parties have filed Cross-Motions for Summary Judgment. [ECF
Nos. 12 and 16]. The issues are now ripe for my review.
STANDARD OF REVIEW
standard of review in social security cases is whether
substantial evidence exists in the record to support the
Commissioner's decision. Allen v. Bowen, 881
F.2d 37, 39 (3d Cir. 1989). Substantial evidence has been
defined as “more than a mere scintilla. It means such
relevant evidence as a reasonable mind might accept as
adequate.” Ventura v. Shalala, 55 F.3d 900,
901 (3d Cir. 1995) (quoting Richardson v. Perales,
402 U.S. 389, 401 (1971)). Additionally, the
Commissioner's findings of fact, if supported by
substantial evidence, are conclusive. 42 U.S.C. §
405(g); Dobrowolsky v. Califano, 606 F.2d 403, 406
(3d Cir. 1979). A district court cannot conduct a de
novo review of the Commissioner's decision or
re-weigh the evidence of record. Palmer v. Apfel,
995 F.Supp. 549, 552 (E.D. Pa. 1998). Where the ALJ's
findings of fact are supported by substantial evidence, a
court is bound by those findings, even if the court would
have decided the factual inquiry differently. Hartranft
v. Apfel, 181 F.3d 358, 360 (3d Cir. 1999). To determine
whether a finding is supported by substantial evidence,
however, the district court must review the record as a
whole. See 5 U.S.C. § 706.
eligible for social security benefits, the plaintiff must
demonstrate that he cannot engage in substantial gainful
activity because of a medically determinable physical or
mental impairment which can be expected to result in death or
which has lasted or can be expected to last for a continuous
period of at least 12 months. 42 U.S.C. § 1382(a)(3)(A);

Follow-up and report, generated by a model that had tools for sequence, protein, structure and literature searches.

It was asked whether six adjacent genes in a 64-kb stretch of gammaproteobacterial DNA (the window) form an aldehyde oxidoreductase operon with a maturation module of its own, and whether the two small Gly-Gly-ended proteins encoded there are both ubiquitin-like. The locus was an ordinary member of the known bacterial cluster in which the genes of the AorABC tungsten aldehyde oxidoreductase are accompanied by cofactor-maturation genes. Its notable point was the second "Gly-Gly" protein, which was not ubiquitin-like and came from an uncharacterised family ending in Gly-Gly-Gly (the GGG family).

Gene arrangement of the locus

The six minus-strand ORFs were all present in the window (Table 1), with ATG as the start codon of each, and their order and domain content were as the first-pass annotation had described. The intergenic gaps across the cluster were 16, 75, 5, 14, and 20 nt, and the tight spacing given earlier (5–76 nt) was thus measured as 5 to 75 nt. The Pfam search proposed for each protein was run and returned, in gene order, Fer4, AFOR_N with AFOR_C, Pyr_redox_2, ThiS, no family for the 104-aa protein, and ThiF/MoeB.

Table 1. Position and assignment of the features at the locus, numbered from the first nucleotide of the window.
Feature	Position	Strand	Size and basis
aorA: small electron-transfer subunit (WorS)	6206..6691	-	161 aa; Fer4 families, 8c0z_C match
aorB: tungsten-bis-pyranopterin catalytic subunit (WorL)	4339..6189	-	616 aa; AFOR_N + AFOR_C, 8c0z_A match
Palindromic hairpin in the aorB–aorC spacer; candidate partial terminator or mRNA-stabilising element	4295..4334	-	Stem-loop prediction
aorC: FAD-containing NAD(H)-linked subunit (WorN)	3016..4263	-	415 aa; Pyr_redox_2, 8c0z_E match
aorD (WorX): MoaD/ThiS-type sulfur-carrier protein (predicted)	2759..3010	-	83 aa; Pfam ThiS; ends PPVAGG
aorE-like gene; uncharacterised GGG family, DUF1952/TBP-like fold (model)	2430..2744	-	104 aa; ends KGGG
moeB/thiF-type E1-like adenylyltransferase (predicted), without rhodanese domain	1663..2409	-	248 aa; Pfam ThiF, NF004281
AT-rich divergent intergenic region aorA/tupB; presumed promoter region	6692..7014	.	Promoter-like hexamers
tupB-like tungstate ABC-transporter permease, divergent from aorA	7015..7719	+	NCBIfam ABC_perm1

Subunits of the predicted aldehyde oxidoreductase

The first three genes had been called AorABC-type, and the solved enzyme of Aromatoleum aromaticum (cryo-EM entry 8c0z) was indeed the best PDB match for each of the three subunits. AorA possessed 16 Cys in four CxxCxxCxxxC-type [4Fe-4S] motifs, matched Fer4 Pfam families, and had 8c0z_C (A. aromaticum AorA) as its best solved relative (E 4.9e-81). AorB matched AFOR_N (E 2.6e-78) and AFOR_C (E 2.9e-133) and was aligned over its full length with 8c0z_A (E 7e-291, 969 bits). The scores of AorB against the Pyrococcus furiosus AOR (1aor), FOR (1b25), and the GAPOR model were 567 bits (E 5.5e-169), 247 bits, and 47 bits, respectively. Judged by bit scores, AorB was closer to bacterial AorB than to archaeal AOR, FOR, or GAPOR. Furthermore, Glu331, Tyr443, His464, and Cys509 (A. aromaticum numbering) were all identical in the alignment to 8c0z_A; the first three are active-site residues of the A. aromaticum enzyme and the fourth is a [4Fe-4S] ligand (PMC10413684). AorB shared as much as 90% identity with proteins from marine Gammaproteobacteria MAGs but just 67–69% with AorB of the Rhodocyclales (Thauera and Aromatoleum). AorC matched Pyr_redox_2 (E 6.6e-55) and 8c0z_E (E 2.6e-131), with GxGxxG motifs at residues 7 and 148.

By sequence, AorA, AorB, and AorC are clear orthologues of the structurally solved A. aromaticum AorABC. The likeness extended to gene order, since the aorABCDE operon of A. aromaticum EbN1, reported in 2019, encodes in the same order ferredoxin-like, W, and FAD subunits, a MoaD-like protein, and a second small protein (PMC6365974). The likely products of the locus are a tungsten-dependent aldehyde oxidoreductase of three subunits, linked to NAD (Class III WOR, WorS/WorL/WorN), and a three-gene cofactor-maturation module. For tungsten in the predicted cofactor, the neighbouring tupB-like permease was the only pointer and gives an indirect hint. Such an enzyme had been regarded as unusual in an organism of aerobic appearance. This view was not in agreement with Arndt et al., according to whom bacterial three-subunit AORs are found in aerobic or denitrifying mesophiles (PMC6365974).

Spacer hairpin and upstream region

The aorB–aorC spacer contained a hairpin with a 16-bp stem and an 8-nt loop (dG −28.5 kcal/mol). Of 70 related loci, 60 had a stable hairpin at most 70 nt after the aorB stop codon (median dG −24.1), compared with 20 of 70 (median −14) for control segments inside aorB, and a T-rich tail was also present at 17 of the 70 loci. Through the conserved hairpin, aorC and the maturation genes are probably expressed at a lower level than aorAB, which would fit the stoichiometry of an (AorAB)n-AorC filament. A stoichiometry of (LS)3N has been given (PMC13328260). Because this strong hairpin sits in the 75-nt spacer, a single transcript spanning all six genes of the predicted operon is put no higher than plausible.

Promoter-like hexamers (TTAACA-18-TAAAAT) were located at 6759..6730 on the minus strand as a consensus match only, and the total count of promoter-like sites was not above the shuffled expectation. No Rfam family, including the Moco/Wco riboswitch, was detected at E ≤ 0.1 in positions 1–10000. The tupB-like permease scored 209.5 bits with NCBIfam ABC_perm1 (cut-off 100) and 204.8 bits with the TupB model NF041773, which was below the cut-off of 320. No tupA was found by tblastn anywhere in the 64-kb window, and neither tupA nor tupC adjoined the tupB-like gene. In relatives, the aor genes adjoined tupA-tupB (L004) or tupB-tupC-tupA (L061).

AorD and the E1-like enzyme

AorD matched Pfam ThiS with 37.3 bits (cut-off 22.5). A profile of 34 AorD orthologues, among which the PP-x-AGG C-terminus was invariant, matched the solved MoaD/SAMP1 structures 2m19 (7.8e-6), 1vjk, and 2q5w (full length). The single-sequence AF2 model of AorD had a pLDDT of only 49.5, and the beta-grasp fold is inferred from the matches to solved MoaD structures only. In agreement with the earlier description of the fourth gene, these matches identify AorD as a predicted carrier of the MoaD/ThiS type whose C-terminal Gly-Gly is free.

Brewster v. Heckler, 786 F.2d 581, 583 (3d Cir.
Commissioner has provided the ALJ with a five-step sequential
analysis to use when evaluating the disabled status of each
claimant. 20 C.F.R. §§ 404.1520, 416.920. The ALJ
must determine: (1) whether the claimant is currently engaged
in substantial gainful activity; (2) if not, whether the
claimant has a severe impairment; (3) if the claimant has a
severe impairment, whether it meets or equals the criteria
listed in 20 C.F.R. pt. 404, subpt. P, app. 1; (4) if the
impairment does not satisfy one of the impairment listings,
whether the claimant's impairments prevent him from
performing his past relevant work; and (5) if the claimant is
incapable of performing his past relevant work, whether he
can perform any other work which exists in the national
economy, in light of his age, education, work experience and
residual functional capacity. 20 C.F.R. §§
404.1520, 416.920. The claimant carries the initial burden of
demonstrating by medical evidence that he is unable to return
to his previous employment (steps 1-4). Dobrowolsky,
606 F.2d at 406. Once the claimant meets this burden, the
burden of proof shifts to the Commissioner to show that the
claimant can engage in alternative substantial gainful
activity (step 5). Id.
district court, after reviewing the entire record may affirm,
modify, or reverse the decision with or without remand to the
Commissioner for rehearing. Podedworny v. Harris,
745 F.2d 210, 221 (3d Cir. 1984).
WHETHER THE ALJ IMPROPERLY REJECTED THE DIAGNOSIS OF